In an apparent bid to make my email go crazy this morning, CMS snuck out a revised timeline for Average Manufacturer Price (AMP) last night. (Click here to see the email that was sent last night.) Dinah Brin at Dow Jones provides a broader overview in Pharmacies Get Reprieve On Medicaid Drug-Pricing Change.
Here are the key dates:
- July 2, 2007: Final regulation published (as I predicted last month)
- September 1, 2007: Regulation becomes effective
- September 1-30 2007: First monthly AMP reporting period
- October 30, 2007: Manufacturers report September AMPs
- November 30, 2007: FULs (Federal Upper Limits) published based on September AMPs. Manufacturers report October AMPs
- December 30, 2007: FULs based on September AMPs take effect (after 30 day period for states to implement). Manufacturers report November AMPs. FULs published on October AMPs.
- January 30, 2008: Manufacturers report October – December AMPs. Manufacturers report December AMPs. October FULs take effect.
In the short term, independent pharmacies will be hit hardest by AMP. Today, they subsidize brand dispensing with generics and are the most dependent on Medicaid.
Wholesalers will only feel second-order effects from the impact on independents, especially as some of their most profitable customers start shutting their doors.
PBMs are mostly insulated from any near-term effects because they have relatively little Medicaid exposure.
Any public data on AMP will merely provide incremental transparency into the PBM profit model. As I discussed in November, PBM’s success reflects many individual business decisions by payers and insurers. There are myriad ways for payers and insurers to compensate PBMs beyond allowing superior profits on mail-dispensed generic prescriptions.
Manufacturers will have to do a lot more work for price reporting. (Contract management software companies and IT consultants are dancing a jig over AMP, by the way.)
LONGER TERM EFFECTS
The definition and publication of AMP will not magically change the pharmacy supply chain. But over the next few years, the true impact of AMP will become clear in a few predictable ways.
- List minus pricing models, such as AWP-x%, will continue to be under tremendous pressure among private payers. Government reimbursement for pharmaceuticals is migrating toward methods that use actual transaction prices plus a pharmacy supply chain cost factor. Cost-plus models are certainly not perfect and can warp incentives, but they do allow payers to gain better control over the costs of the pharmacy supply chain. In health care, private payors have historically followed government pricing models.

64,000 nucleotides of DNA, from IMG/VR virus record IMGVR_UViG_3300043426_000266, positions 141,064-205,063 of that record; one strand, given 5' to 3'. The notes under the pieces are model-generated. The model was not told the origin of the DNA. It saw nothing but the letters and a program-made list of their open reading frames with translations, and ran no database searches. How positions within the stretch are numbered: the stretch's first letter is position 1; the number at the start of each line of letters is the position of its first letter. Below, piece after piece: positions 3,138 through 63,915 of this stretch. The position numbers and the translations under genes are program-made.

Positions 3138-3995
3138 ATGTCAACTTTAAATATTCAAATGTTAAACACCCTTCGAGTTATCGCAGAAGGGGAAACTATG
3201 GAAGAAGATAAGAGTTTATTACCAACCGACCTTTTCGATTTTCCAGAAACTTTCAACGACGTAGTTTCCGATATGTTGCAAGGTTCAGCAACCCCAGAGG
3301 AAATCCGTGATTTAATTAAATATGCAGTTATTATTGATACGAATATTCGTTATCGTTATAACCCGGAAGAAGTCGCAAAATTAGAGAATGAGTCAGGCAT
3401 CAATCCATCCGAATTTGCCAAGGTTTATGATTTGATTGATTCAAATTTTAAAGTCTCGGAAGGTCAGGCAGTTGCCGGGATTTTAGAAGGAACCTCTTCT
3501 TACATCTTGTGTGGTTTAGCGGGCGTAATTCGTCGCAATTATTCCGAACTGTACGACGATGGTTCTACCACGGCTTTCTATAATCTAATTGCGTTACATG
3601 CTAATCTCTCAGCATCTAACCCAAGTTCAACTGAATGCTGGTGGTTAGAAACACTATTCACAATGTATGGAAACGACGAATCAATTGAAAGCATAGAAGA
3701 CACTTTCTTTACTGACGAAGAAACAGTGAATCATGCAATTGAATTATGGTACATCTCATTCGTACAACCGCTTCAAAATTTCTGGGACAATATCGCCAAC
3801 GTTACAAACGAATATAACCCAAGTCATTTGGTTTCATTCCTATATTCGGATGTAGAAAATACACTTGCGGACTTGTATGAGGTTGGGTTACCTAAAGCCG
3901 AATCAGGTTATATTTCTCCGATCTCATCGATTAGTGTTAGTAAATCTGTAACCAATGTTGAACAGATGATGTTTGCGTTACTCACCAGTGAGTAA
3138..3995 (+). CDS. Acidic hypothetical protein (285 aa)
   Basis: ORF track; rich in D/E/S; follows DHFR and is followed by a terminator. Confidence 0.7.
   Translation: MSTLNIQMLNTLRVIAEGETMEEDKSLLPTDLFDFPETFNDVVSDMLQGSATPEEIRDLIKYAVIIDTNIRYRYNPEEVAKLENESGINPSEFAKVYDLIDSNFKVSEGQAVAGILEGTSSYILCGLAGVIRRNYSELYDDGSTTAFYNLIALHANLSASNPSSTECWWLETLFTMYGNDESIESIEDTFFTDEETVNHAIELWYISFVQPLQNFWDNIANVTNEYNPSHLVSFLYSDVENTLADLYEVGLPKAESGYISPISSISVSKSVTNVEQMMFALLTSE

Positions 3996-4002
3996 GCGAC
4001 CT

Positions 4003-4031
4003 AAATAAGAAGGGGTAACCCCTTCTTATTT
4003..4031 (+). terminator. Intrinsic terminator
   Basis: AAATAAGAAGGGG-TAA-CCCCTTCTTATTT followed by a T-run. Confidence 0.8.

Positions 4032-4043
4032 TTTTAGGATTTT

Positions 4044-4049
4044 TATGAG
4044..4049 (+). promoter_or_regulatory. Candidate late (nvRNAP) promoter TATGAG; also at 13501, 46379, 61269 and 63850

- It will begin shifting the landscape as savvy entrepreneurs take advantage of new compensation models, potentially arbitraging differences between AMP and ASP.
- Retail pharmacy consolidation will accelerate. The shakeout in pharmacy will benefit the large pharmacy chains and mass merchants. Today, I estimate that the largest 10 pharmacies already control 60% of retail pharmacy dollars.
- Manufacturers will pay much more attention to the proper accounting of fees and discounts, affecting the role and compensation of wholesalers. Almost two years ago, I speculated that AMP could increase incentives for manufacturers to contract directly with large self-warehousing chains. Still could happen, with follow-on effects for wholesaler market structure.
- A related wild card is the Supreme Court’s upcoming decision in Leegin Creative Leather Products, Inc. v. PSKS, Inc. If overturned, manufacturers would be able to better control their reported AMP by legally limiting the amount of fees or discount passed on by wholesalers to their large retail chain customers.
And who knows? AMP may even reduce the total cost of pharmaceuticals in the U.S. – but I doubt it.
Lots more to consider, but I must start returning phone calls and emails.